GE’s First Chief Creative Officer Talks Commercials, Content and Change

Molly Soat
Marketing News
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Key Takeaways

What? GE has hired its first chief creative officer: ad creative Andy Goldberg. 

So what? As content marketing becomes more imperative, brands are bringing creative advertisers in-house rather than relying on outside agencies.

Now what? On both the brand and the agency side, marketers have to get creative with a brand identity. 

A sea change is happening in the dynamic between ad agencies and brands. As more creative content is going on the Web and becoming an integral part of brands’ identities, companies are bringing creative minds in house. 

Some experts say that this is an inevitable part of the shift wherein brands are becoming publishers. Others say that the balance between in-house teams and outside creative agencies is a delicate and necessary one. Either way, many top brands are rethinking their strategy. 

Enter Andy Goldberg, the first chief creative officer at Fairfield, Connecticut -based General Electric Co. (GE). He runs GE’s Creative Lab, a department of marketers with the creative license to experiment with new media projects, including a new TV show created for the National Geographic Channel called Breakthrough!, and a serialized, fictional podcast called The Message. Created in partnership with the Slate Group, the podcast was the third most popular podcast on iTunes by its second weekly installment. Goldberg’s GE commercials include “Childlike Imagination,” which was nominated for an Emmy award for outstanding commercial in 2014. Other commercials made under his direction include “The Boy Who Beeps” and the “Owen” series.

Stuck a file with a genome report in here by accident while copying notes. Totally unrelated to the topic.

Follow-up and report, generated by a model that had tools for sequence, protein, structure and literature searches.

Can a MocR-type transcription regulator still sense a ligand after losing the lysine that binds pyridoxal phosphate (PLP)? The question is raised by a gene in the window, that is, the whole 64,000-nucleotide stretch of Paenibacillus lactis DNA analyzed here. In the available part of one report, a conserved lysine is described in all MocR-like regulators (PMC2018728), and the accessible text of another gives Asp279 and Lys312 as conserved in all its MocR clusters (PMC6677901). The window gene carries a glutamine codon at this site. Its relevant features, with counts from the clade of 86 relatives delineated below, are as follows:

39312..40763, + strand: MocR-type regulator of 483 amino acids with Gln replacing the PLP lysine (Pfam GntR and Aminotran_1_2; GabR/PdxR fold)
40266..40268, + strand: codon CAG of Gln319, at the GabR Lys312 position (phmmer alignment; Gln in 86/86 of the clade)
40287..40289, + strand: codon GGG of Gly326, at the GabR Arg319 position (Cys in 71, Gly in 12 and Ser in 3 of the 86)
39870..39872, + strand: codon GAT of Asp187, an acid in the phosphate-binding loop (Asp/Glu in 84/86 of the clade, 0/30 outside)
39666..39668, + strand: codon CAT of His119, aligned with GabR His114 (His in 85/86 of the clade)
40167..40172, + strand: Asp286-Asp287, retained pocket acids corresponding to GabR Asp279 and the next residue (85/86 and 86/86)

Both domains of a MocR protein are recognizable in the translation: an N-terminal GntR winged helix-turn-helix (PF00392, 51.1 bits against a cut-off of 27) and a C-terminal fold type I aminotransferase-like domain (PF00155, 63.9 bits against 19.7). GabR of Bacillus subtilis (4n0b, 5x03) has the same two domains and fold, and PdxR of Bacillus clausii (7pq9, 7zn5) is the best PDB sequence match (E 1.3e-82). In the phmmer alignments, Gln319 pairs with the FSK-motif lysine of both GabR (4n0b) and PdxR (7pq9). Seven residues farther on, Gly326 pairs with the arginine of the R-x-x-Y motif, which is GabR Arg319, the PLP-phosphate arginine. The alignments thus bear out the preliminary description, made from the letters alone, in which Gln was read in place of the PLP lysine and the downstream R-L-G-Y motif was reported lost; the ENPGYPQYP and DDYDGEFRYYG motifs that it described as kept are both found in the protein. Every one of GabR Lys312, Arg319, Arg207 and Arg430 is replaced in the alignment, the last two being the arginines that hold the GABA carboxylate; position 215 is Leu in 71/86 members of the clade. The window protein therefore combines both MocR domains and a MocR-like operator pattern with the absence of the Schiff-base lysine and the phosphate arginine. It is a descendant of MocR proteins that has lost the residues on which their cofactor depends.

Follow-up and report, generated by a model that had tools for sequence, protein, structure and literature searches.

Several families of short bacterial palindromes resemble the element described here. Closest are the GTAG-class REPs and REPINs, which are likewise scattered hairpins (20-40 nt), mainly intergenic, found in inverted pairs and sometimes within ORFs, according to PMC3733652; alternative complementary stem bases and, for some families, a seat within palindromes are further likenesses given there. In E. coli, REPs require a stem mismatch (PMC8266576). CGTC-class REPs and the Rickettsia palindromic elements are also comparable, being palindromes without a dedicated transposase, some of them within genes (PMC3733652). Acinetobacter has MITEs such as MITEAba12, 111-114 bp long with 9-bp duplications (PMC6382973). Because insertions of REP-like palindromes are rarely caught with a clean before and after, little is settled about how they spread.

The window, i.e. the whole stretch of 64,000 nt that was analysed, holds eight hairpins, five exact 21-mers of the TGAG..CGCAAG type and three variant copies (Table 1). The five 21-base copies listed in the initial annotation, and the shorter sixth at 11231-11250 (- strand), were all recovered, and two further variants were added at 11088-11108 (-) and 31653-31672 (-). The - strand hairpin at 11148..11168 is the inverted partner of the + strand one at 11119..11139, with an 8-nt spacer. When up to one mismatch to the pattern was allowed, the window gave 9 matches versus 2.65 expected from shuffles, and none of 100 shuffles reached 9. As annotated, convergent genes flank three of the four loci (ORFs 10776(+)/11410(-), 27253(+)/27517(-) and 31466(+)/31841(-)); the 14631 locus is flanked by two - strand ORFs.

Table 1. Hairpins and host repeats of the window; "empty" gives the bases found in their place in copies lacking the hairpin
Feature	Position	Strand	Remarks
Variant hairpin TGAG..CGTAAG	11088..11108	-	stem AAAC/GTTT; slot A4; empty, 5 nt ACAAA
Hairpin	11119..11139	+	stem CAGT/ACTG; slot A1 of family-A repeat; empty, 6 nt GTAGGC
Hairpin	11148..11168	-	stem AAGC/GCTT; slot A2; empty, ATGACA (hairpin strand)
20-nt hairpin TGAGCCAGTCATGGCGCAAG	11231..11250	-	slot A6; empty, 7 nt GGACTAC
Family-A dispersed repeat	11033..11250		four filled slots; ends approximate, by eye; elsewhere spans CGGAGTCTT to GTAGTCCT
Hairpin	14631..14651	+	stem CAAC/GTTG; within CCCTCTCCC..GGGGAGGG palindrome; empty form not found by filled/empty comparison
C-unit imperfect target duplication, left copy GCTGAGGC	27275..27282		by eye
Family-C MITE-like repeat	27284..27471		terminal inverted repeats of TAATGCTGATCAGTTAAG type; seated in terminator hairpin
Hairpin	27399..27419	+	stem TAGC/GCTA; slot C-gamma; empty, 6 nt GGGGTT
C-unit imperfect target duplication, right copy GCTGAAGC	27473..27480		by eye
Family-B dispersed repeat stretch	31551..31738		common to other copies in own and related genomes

According to Goldberg, the decision to move him from the agency side at Weiden + Kennedy to the brand’s in-house team, and then swiftly move him up to the chief creative officer position, was confirmation that GE is putting more and more emphasis on not just creative works but brand cohesion. Goldberg sat down with Marketing News to talk about how the creative process is changing for global marketing teams, and how thinking of campaigns in terms of B-to-B or B-to-C is quickly becoming outdated.

What led you to marketing?

I majored in marketing, and right out of school, advertising was where I wanted to focus my efforts. I started at a small firm in New York City and was there for almost nine years. It allowed me to get into a lot of different businesses at once. When you’re on the agency side, you learn a lot of other people’s business and because it was a small agency, I had the opportunity to work on a number of the businesses at the same time. I wasn’t stuck on one account for three years. I worked on everything from financial services to the NFL to Godiva chocolate—you name it, it was part of the mix. It was exciting and different. I spent a lot of time with the creatives there, learning production and working with them more than any other account people, but I was also able to learn the business side of how things work.